Progressive Voice: Women’s Issues Key in 2015 Election

Michelle WoodsProgressive Voice is a weekly opinion column. The views and opinions expressed in the column are those of the individual authors and do not necessarily reflect the views of their organizations or

Labor Day is the traditional start of campaigns in Arlington, and the time between now and Election Day will be full of candidate debates, forums, joint appearances and neighborhood events.

Arlington County is attractive to many because of its history of smart growth, walkable urbanism, a population with the highest levels of educational attainment, and an unemployment rate half the size of the nation’s average.

At the same time, however, Arlington can be a transient location for millennials, young couples looking to start a family and families headed by single women, due to steep housing prices and other high costs of living.

I believe 2015 will be a year in which issues that resonate particularly with women will be an important feature of the campaign season. These issues involve some of the greatest opportunities to improve the welfare, quality of life and advancement of Arlingtonians.

We all need to work together to ensure a safe community. A recent series of attempted sexual assaults in Arlington show us we cannot take safety for granted. The three different failed attempts reported by Arlington County Police Department in July have made many women in Arlington, like myself, reconsider our everyday decisions about how to most wisely travel from location to location.

In addition to greater mindfulness about risks and supporting the efforts by law enforcement officials and officers on the street to deter assaults and apprehend those who have committed assaults, we should address gaps in justice for survivors of sexual violence.

One important priority is ensuring the availability in Arlington of SAFE kits and SANE programs, and reducing backlogs in the processing of rape kits.

Another priority is supporting and monitoring the County’s work with nonprofit organizations to extend the County’s 24-hour domestic violence hotline services to sexual violence hotline and companion services. We also need to ensure sufficient staffing of our Violence Intervention Program.

Quality of life for women and families in Arlington is about more than safe communities.

Economic opportunity for women often depends on access to affordable and stable housing options, quality schools and lifelong learning opportunities for their children and themselves, and sensible child care options.

Housing stability is a key consideration for women and men of all ages in Arlington. Rising rents and home prices create concerns that people will be forced out of their communities. Our economic vibrancy, and our capacity to attract business and employers, depends on the continued economic and generational diversity of our residents.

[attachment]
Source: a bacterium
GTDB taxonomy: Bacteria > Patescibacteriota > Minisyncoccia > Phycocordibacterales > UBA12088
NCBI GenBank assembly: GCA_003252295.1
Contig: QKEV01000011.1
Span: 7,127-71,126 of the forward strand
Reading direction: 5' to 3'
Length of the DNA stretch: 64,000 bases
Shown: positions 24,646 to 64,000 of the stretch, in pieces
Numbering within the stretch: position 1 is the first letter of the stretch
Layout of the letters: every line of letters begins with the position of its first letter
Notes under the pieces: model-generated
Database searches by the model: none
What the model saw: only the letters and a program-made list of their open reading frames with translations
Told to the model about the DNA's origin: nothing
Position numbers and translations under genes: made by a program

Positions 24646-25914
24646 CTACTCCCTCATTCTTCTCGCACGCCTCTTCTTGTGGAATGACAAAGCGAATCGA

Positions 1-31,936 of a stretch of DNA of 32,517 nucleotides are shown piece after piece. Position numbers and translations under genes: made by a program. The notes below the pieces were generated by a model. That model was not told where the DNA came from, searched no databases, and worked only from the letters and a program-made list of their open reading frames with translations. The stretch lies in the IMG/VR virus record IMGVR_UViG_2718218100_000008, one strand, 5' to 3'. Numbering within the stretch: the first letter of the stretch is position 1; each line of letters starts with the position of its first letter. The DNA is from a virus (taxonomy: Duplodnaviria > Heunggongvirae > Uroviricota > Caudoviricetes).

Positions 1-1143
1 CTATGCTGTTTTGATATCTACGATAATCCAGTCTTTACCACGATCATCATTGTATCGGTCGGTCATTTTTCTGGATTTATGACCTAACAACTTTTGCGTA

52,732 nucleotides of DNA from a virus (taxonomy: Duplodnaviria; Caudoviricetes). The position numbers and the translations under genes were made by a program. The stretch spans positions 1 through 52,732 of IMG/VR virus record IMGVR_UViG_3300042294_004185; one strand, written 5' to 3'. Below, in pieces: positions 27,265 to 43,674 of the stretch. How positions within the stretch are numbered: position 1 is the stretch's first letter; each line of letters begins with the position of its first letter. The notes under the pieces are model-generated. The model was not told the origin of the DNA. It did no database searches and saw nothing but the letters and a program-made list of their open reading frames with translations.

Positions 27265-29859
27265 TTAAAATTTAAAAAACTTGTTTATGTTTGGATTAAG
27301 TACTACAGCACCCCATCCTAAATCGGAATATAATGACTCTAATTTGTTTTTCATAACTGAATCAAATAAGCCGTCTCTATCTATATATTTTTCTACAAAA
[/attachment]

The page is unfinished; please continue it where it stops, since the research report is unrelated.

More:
Renters, young people and older residents seeking to “age in place” share common cause in preventing displacement and ensuring that we continue to proactively and innovatively address the issue of housing affordability and the continued presence of affordable units.

While child care in Arlington sets the quality standard in Virginia, our young families are bearing the burden of very high costs for that care. These costs often drive young families, and single mothers in particular, from our community.

Arlington childcare costs, like much of Northern Virginia, are a quarter to a third higher than in the rest of the Commonwealth. This issue is a result of a supply gap. Without sacrificing quality, we can find ways to reduce costs and address the child care supply gap by pursuing flexibilities in zoning to attract new child care centers.

Finally, Arlington should continue to pursue progressive values that help make it such an attractive place to live and a model community in many respects. For that reason, we should continue to build on our emerging collaboration with statewide reproductive choice advocates to ensure our zoning practices are friendly to the location of women’s health centers closest to our community.

We have much to be proud of and much to accomplish in Arlington. We can continue to address important priorities for women in ways that are innovative, cost effective, and both family-friendly and taxpayer-friendly.

I look forward to hearing more from our candidates on these important issues.

Michelle Woods is the Women’s Caucus Chair of the Arlington Young Democrats.

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